155 – Selling Art Overseas After Brexit

Why Should You Be Concerned About Selling Overseas?

Selling online opens up a global market place to you. It provides access to lots more customers, however, it also exposes you to extra complications too. These include shipping and additional overseas VAT, sales and customs taxes as well as handling charges. Selling art overseas after Brexit presents many challenges.

Unless you are clear about what the requirements are to ship overseas you risk delays to customers. Customs will often delay your products if paperwork is incorrect. They may even return it to you (usually at an additional cost to you). You risk customers incurring extra costs they were not expecting. As a result of all of this you risk poor reviews from customers which is no good for any business. There is also a possibility of incurring fines if authorities feel you are trying to avoid charges.

exporting to the EU

How Can I Help?

I hope to try to make sense of some of the latest information for selling art overseas after Brexit by

  • explaining what has changed in the UK recently
  • explaining what you need to be telling your customers and how
  • why you need to register for an EORI number
  • what paperwork you need to complete for overseas orders
  • how to tell customs exactly what your package contains to ensure it is processed correctly
  • how to avoid angry customers faced by delays and unexpected costs

The relevant authorities have to date done a poor job to help small businesses like you understand things. Advice is often conflicting and often stated in corporate speak that means little to a small business. I want to help you to understand what is required. I want to help you to understand what you need to explain to your customers. If you are going to ship to customers overseas they need to know what to expect before you ship their order so that there are no surprises at either end.

Disclaimer

I am not a legal or tax expert. This information should not be considered as legal or tax advice. You should consult your own legal or tax expert who is qualified to give you that. What I offer here is simply my understanding of the current situation. It is based on information publicly available from the relevant authorities. By explaining how I currently understand the situation hopefully it will help your understanding too.

I also offer this information from a UK perspective. Some of the principles will be common wherever you are based in the world but I will focus on UK businesses dealing with customers in the EU as well as other parts of the world. If you are based elsewhere you may need to look for further advice to complete the picture for you.

What Is Brexit

In the lead up to 31st December 2020 it will have been hard to avoid Brexit in the news if you live in the UK or even in Europe and have dealings with the UK. Brexit dominated the news for a long time. Even now, however, many people still don’t fully understand Brexit. They are still coming to terms with how it has affected their small businesses.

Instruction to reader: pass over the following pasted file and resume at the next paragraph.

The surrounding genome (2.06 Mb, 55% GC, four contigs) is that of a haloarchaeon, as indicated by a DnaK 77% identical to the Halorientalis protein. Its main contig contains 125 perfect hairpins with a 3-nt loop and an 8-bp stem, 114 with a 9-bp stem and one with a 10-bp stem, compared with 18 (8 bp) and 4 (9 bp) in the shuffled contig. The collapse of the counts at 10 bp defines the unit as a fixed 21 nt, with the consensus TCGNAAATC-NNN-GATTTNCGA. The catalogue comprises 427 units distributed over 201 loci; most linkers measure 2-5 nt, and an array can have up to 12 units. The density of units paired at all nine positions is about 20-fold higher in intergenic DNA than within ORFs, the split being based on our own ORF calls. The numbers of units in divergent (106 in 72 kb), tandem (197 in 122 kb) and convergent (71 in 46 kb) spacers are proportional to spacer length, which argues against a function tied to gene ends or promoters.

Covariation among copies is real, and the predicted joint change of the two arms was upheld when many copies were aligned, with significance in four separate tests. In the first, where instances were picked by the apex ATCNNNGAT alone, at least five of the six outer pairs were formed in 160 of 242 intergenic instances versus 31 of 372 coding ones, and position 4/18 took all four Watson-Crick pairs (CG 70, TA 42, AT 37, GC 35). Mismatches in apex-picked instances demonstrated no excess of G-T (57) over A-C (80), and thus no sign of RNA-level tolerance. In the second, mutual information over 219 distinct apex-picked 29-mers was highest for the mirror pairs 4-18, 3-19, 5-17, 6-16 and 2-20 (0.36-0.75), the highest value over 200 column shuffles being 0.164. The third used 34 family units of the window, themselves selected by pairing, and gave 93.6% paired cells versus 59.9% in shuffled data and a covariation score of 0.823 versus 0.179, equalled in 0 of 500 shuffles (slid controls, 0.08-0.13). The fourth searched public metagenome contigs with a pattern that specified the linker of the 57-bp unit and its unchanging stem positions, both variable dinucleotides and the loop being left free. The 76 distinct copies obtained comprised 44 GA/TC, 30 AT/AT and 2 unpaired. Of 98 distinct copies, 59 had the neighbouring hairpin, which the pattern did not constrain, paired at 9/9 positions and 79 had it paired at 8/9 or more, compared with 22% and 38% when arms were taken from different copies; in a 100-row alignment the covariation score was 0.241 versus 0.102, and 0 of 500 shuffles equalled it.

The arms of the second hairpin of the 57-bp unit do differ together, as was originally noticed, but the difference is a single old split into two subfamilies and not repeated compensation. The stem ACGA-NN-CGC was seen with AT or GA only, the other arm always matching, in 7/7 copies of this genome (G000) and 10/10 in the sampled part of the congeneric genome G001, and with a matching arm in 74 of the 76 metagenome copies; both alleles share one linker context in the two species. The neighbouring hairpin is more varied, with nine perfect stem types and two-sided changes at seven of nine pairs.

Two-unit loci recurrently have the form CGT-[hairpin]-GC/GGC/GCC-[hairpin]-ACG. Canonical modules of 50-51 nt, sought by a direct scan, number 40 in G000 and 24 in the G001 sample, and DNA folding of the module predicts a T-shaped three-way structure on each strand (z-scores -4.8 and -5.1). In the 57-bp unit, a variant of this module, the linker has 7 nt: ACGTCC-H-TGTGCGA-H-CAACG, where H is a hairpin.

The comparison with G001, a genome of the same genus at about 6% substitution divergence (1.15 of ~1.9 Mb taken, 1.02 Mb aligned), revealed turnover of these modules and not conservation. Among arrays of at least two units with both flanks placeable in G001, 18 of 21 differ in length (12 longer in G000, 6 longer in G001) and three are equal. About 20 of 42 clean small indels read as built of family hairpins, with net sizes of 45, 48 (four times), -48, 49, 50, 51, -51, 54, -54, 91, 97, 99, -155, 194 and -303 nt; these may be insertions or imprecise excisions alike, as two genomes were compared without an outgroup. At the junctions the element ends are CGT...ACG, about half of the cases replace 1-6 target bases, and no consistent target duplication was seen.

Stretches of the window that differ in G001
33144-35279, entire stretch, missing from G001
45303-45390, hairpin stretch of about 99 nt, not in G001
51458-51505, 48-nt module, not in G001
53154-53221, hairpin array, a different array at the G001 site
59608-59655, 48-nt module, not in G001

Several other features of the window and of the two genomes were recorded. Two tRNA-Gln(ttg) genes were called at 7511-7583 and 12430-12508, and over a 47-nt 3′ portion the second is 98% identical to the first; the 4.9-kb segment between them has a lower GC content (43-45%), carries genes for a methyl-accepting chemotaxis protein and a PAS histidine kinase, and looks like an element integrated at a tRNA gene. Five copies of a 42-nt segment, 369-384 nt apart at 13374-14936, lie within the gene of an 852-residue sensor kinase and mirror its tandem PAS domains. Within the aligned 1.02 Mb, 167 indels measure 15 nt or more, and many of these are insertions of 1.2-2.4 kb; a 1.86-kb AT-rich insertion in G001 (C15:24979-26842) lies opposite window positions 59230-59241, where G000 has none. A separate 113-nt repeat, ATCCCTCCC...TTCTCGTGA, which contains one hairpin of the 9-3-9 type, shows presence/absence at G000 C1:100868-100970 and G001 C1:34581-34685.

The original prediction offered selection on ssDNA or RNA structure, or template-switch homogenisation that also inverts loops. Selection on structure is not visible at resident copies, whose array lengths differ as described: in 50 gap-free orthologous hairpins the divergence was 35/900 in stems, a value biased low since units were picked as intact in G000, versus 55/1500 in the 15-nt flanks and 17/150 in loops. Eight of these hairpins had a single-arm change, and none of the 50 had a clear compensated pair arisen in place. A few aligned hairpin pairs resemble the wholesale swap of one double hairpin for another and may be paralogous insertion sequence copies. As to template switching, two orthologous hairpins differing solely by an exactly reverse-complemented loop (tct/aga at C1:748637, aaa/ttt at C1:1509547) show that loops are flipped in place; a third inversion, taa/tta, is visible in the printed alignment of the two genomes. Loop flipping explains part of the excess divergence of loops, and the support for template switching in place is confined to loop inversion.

selling art choices after Brexit

On 31st December 2020 the UK left the European Union. Whilst part of the union the UK traded freely with other countries in the union. That meant that if you as a seller sold your goods to another country in the EU then you charged people the same fee for your product as anyone in your home market. The customer would not need to pay extra fees (with the exception of a shipping charge collected at point of sale of course which may vary depending on distance). Goods could move freely within the EU without incurring further charges.

What Has Changed?

A lot has changed for selling art overseas after Brexit. This will impact on you as a small business based in the UK if you ship to countries still in the EU. Since Brexit sellers in the UK are no longer able to take advantage of free goods movement within the EU. Additional fees are now likely when shipping to the EU. Customers may need to pay these directly in order to receive their goods.

Before Brexit the UK had an import VAT tax. If you purchased something from another country outside the EU, you would likely need to pay VAT on the product when it was imported. Additionally some products would also attract a customs tax too. Complex regulations determine what products attract this and at what rates and values.

The standard VAT rate in the UK is 20% (although some products would attract a lower rate of VAT). What would usually happen is that when product is imported it would be held by customs or the local carrier sorting office. You would receive a card through the post informing you of this and instructions of how to pay any tax due. A handling fee would often also be charged. All fees could usually be paid online. Once you had done this the item would be delivered to you within a couple of days.

VAT Charges

Before Brexit any country within the EU could send to another country within the EU. Customers would not be charged import VAT and many products were able to avoid customs tax. Import VAT and customs tax would mainly be charged on products coming from outside of the EU.

As a result of Brexit the UK left the EU. Now if a UK business sends product to an EU country then VAT import tax will be due in that country. This has to be paid directly by the customer. Similarly if a UK customer buys from an EU seller they must also pay UK import VAT in order to receive their product.

Since 1st of July 2021, all commercial goods sent to any country in the EU will be subject to VAT. This is charged at the VAT rate in place in that country. Within the EU currently the average VAT rate is around 20%. Rates, however, do vary from country to country from 17% to 27%. If an EU seller sends product to the UK, the UK customer will be charged VAT at the UK rate.

Selling overseas fees

Customs Taxes

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